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The Weyl basis (also known as Weyl-Heisenberg) is an orthonormal, unitary, and non-Hermitian basis for the Hilbert space of dimension $d$. The basis elements are given by $$ U_{ab} = \sqrt{\omega^{ab}}X^aZ^b, $$ where $X,Z$ are the shift and clock matrices and $\omega = e^{i2\pi/d}$. I'm wondering whether for all $d$ there exists a pure state $|\psi\rangle$ such that $|\langle\psi| U_{ab}|\psi\rangle|$ is constant (except of course for $U_{00}$).

Expanding the hypothetical state in this basis, $$|\psi\rangle\langle\psi| = \frac1d \sum_{ab} \alpha_{a,b} U_{ab},$$ we see that demanding it to be Hermitian translates to $\alpha_{a,b}\alpha_{-a,-b} = 1$ (note that these coefficients are in general complex), have trace one results in $\alpha_{0,0} = 1$, and have trace squared equal one results in $|\alpha_{a,b}| = 1/\sqrt{d+1}$ for all other $a,b$.

Simply setting $\alpha_{a,b} = 1/\sqrt{d+1}$ does give me the desired state for $d=2$ and $d=3$, but doesn't work for higher dimensions, negative eigenvalues show up. It's easy enough to find the state numerically for higher $d$, so I guess it always exists, but I can't find a good method to calculate the coefficients analytically. Also, it seems a natural question to ask, but I couldn't find anything about it in the literature.

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  • $\begingroup$ out of curiosity, did this question arise from thinking about MUBs? $\endgroup$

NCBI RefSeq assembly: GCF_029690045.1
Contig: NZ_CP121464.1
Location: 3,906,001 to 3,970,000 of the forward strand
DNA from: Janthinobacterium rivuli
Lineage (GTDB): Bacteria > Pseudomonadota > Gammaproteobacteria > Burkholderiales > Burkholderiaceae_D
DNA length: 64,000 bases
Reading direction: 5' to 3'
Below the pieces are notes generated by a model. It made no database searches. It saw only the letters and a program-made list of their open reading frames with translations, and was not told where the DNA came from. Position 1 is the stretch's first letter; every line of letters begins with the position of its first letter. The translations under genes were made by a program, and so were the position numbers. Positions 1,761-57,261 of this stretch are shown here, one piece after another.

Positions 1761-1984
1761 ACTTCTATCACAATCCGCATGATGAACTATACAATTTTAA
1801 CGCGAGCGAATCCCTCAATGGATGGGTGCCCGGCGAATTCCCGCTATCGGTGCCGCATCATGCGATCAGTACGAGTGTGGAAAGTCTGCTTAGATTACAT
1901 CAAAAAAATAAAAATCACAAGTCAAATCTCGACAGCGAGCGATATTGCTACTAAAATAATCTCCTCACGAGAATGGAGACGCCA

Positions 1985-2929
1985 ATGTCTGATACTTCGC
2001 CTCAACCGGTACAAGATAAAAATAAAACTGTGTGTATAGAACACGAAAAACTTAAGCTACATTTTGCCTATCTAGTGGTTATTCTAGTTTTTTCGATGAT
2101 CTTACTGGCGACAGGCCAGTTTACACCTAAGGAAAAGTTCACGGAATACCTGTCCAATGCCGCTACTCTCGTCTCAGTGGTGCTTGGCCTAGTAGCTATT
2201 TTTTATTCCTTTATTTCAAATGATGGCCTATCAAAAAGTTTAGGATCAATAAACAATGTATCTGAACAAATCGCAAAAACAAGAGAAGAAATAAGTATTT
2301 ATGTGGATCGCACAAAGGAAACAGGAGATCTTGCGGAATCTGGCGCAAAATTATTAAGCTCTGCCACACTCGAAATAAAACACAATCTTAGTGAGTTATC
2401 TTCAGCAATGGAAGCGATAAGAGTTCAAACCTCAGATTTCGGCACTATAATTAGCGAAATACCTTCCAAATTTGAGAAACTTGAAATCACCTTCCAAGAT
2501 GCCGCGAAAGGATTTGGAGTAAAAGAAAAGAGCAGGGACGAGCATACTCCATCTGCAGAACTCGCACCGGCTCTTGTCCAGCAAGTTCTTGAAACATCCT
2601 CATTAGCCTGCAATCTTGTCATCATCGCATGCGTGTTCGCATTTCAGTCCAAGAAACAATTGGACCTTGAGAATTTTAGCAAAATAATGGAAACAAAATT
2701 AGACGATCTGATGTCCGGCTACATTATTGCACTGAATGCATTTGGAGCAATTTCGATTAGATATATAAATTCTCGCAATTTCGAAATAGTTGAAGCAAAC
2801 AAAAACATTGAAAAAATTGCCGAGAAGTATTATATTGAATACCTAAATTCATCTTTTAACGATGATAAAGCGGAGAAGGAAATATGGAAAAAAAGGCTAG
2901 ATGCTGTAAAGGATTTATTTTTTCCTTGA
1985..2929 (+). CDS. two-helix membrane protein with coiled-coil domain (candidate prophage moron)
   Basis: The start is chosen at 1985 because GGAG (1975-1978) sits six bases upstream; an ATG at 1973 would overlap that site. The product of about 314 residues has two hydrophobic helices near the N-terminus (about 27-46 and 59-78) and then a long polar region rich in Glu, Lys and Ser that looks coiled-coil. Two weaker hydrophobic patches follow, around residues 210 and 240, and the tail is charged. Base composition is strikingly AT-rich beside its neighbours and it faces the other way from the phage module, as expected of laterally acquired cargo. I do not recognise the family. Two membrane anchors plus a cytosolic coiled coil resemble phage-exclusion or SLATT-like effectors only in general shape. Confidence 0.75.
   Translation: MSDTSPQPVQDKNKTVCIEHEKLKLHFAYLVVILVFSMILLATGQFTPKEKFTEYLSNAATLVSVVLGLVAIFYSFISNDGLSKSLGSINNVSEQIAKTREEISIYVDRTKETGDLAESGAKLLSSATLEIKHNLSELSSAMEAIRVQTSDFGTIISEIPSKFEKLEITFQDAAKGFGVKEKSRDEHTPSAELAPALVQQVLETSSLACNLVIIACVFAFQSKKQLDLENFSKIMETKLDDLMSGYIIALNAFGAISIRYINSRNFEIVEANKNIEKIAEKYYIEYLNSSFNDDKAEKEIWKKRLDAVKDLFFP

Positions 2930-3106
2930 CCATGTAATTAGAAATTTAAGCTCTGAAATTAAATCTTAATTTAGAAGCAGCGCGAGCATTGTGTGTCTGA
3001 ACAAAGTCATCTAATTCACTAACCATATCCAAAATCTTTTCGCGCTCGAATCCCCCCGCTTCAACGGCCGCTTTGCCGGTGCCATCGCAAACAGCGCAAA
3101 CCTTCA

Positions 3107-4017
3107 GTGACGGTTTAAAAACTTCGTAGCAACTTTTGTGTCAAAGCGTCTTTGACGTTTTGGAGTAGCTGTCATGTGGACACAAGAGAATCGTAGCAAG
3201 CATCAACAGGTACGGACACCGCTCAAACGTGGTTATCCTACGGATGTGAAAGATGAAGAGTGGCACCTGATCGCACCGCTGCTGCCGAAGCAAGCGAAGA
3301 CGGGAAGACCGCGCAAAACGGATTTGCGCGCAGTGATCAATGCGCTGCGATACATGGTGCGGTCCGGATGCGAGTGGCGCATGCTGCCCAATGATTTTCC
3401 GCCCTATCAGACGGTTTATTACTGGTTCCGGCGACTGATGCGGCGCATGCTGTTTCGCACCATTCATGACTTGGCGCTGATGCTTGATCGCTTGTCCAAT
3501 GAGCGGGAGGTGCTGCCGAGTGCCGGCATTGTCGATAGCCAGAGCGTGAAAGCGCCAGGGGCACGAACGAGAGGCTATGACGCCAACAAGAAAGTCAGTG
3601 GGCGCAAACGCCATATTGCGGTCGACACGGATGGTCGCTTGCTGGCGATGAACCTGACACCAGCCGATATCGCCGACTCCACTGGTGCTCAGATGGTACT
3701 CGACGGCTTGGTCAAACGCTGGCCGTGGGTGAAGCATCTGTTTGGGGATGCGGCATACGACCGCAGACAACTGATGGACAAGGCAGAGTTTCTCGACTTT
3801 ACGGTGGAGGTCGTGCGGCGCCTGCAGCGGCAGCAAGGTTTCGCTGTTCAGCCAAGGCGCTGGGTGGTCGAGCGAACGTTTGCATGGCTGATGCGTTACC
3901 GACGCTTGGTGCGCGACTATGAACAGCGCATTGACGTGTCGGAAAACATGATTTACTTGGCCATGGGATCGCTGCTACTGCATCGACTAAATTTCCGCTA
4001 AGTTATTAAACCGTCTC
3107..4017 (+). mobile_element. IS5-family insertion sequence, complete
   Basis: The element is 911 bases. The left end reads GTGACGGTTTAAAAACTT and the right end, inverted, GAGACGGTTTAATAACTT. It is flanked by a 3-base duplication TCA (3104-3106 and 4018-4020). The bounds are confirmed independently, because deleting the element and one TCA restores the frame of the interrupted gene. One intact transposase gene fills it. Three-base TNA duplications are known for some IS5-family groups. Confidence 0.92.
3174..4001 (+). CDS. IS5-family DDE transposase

– glS
    Aug 20 at 22:27
  • $\begingroup$ No, I was just wondering about different bases for quantum states. The analogous problem for the standard basis $|i\rangle\langle j|$ is absolutely trivial, so I expected this one to be easy as well. Apparently it's not. I don't see any connection to MUBs. I did compute the state numerically for the cursed dimension 6, so it's not a matter of primes versus composite numbers. $\endgroup$ Aug 21 at 9:47
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If $|\langle\psi| U_{ab}|\psi\rangle|$ is constant then $\{\frac{1}{d} U_{ab}|\psi \rangle \langle\psi| U_{ab}^\dagger\}$ is a SIC-POVM of Weyl-Heisenberg type.

It's conjectured that such a structure exists in every dimension $d$ (it's also known as Zauner's conjecture). It's still an open question, though numerically it was verified at least for all $d \le 150$.

It's also quite a known problem. The paper that popularized this hypothesis already have 800 citations according to Google Scholar

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    $\begingroup$ I'm familiar with SIC-POVMs, I just had fail to see the connection. Thanks a lot! So it turns out the problem is actually hard. $\endgroup$ Aug 21 at 18:46

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